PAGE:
The second key Product Science Principle is Continuous Discovery and Delivery. You want to work in small, cross-functional teams using design thinking, lean startup, and Agile software development. Focus on outcomes, not output, and continuously improving.
The third Product Science Principles is Empowered Teams. You need to set the vision, communicate the values, and then empower autonomous teams with the context and authority to make great decisions quickly.
In my time in high-growth tech startups, I’ve seen that the high-growth periods always have these three elements. Always. But when the elements start to slip, things start to change and a company that was once a high-growth company maybe becomes not so much. Challenges develop. Or with a company that hasn’t yet gone to high-growth, often we can go in, look at what they’re doing, and identify that one of these principles is not being practiced. And so, to give you a better picture of what I mean with these three Product Science Principles, I want to jump into the conversations we’ve had with guests and explore how they talk about these principles.
Alright, so how does evidence-based product strategy play into creating a high-growth product team and company? Let’s see what our guests have to say. One of my favorite about the importance of having an evidence-based product strategy comes from Laura Klein. Laura Klein was our guest in Episode 10, “The Laura Klein Hypothesis: The Illusion of Certainty is a Problem.” In that episode she shared:
Laura Klein: And I think a lot of times, especially at the very small companies that are searching for they’re really kind of searching for product market fit. Unfortunately, a lot of times they end up skipping things like research, which I’ve tried to explain that now if you do the research it actually all goes faster, because then you don’t build a bunch of shit that nobody needs. But that’s where they tend to cut. So that’s a big red flag for me at smaller companies. And it’s true. I mean, it’s hard like to do really good research, it does take time, and it’s not a thing that happens immediately. And it doesn’t necessarily happen in parallel, if you’ve got a little tiny team.
So that can be really tricky to kind of balance things and make sure that all of the right things are happening and that they’re all happening at the right time. And that people are building things and experimenting and trying things and pushing things out.
Holly: She also says, “It’s hard to both have a huge vision of what you want to build and also figure out how to build each little piece of it in a way that delivers value, but also builds to that grander vision. It’s hard but important.”
Another great perspective on the importance of having an evidence-based product strategy comes from Katelyn Bourgoin. Katelyn was our guest in Episode 8, “The Katelyn Bourgoin Hypothesis: You Can Talk to 300 Customers and Still Build the Wrong Thing.” In that conversation, Katelyn shared with us the fatal mistake that she made as a founder of a tech startup and how she’s now learned to address it. Here’s what she had to say:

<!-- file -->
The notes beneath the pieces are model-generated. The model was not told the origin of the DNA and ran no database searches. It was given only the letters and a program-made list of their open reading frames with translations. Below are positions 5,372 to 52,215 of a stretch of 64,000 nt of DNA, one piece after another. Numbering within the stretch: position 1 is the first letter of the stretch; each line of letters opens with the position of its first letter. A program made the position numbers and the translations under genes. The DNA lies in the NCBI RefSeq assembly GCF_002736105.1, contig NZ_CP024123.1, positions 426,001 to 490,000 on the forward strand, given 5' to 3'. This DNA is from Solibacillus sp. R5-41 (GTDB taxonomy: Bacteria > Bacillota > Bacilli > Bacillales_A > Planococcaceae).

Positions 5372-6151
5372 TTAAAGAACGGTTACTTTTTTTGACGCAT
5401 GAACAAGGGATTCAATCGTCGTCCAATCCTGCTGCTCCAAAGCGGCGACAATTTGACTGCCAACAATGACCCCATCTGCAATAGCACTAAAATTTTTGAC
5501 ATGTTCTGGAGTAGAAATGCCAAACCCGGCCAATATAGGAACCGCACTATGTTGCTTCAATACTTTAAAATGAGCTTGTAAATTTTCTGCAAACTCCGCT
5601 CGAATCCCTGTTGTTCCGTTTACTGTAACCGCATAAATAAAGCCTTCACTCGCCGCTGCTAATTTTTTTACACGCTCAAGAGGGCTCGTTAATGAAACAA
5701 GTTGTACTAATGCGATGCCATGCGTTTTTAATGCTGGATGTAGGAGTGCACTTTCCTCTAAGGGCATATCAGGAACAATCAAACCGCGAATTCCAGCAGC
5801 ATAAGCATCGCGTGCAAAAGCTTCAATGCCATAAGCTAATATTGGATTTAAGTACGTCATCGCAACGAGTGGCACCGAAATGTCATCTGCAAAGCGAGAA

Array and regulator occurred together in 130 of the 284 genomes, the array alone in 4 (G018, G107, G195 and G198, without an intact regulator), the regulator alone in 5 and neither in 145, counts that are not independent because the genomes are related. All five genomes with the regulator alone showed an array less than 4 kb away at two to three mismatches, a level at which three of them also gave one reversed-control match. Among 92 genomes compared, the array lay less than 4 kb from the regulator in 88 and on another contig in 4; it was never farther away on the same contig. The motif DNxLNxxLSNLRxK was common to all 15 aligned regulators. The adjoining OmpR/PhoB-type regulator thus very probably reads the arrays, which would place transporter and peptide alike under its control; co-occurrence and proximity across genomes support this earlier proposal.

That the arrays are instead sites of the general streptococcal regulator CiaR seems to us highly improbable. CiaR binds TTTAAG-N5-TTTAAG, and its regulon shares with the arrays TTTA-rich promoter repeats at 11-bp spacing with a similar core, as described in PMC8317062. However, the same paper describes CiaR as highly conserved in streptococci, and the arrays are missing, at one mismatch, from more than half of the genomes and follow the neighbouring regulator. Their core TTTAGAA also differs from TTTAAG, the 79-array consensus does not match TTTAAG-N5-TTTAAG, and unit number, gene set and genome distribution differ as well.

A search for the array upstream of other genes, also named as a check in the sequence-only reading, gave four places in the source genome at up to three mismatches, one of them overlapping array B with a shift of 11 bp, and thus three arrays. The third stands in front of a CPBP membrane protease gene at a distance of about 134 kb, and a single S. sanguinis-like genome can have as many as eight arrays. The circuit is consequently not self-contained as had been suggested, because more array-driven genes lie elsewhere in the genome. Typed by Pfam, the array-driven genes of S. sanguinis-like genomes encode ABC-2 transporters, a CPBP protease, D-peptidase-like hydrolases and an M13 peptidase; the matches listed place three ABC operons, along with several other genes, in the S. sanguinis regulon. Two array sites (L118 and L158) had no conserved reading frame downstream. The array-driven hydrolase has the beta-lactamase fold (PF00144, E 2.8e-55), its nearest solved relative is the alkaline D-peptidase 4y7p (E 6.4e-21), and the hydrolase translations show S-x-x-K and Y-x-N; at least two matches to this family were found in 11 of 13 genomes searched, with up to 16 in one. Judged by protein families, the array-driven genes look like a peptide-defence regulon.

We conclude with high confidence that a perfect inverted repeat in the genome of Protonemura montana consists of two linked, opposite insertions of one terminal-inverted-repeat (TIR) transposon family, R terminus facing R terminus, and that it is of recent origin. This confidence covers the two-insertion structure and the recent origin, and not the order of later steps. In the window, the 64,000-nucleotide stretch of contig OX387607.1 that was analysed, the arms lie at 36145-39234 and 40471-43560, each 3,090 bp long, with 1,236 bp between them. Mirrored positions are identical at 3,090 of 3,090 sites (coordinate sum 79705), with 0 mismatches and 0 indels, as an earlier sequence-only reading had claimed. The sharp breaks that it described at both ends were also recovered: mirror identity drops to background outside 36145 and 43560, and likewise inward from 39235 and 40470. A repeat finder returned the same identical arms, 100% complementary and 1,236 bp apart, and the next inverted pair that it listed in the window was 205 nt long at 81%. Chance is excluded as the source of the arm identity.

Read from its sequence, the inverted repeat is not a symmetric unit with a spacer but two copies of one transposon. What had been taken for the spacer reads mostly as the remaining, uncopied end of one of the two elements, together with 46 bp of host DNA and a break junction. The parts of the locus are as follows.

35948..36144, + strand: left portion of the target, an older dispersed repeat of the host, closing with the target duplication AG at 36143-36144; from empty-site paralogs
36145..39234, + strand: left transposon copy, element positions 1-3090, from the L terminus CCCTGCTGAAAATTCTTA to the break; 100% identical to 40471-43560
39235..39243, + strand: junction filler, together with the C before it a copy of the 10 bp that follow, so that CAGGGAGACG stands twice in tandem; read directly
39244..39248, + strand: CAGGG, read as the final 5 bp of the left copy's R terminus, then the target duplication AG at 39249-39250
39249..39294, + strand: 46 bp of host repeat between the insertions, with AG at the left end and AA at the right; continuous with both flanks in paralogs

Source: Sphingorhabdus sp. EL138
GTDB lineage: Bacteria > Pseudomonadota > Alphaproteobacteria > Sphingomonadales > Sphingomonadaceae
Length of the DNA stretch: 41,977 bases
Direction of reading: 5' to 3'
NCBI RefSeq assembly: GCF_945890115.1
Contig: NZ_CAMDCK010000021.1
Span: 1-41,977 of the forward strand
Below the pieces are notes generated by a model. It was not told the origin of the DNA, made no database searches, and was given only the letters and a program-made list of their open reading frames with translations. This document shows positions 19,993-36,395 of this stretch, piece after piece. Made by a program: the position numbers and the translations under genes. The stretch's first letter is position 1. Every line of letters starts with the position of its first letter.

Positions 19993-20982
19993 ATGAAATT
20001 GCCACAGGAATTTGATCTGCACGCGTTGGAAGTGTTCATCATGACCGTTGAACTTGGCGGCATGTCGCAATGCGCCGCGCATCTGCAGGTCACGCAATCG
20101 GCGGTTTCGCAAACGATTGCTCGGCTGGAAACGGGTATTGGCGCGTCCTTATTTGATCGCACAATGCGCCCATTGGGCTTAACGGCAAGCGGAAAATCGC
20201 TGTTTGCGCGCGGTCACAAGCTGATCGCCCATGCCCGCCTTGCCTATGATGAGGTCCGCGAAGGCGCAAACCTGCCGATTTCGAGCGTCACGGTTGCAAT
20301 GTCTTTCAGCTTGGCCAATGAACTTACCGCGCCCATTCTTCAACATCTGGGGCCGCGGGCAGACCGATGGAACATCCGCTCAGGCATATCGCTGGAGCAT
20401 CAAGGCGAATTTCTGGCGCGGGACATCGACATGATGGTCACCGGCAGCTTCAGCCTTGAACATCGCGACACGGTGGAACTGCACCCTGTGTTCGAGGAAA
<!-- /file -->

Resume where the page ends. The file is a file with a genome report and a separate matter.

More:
Katelyn: As I’ve experienced myself, that piece is part of what we were pretty good at. Like we knew who we wanted our customer’s to be. We didn’t build a good product for them but we knew who we wanted to be and we were really good at attracting them. But a lot of the companies that I’ve worked with, they’re very broad in who they’re going after. And they haven’t really determined what represents a customer that’d be a good fit customer versus a bad fit customer. And so they end up spending a lot of time chasing bad fit customers and sales its selling bad fit customers. And they’re getting into the product and then they’re churning because they aren’t a good fit for what the solution is. And so I would really encourage a lot of companies, that if you haven’t had that conversation recently and if everybody on your team isn’t crystal clear on what a good fit customer looks like then go back and redo that work. Because it’s the … Everything starts there. And your product should be designed for that customer.
And you should … Your marketing’s for that customer and your sales messages are for that customer. And if your not clear on what that is and your team isn’t in alignment on who that is, then nothing else you do is going to be easy. It will always be hard. And so that’s kind of like, if I had to give like words of wisdom it would be, everyone talks about being obsessed with the customer and the customer’s needs. That’s starts with knowing who they are. And it’s really a lot of founders think they have that piece down. But if you talk to their teams, their teams don’t know. Their teams are on a different page, their teams are running in a different direction.
And it’s because often times founders hold so much information in their head, that they think they’re constantly communicating and the messages aren’t getting out to their team. And then when things are changing, team members don’t know either.
Holly: Alright, so we’ve established that it’s important to have an evidence-based product strategy. That when you don’t, things all go slower because you don’t know where you’re headed or why, and maybe it’s all too broad or just a shot in the dark.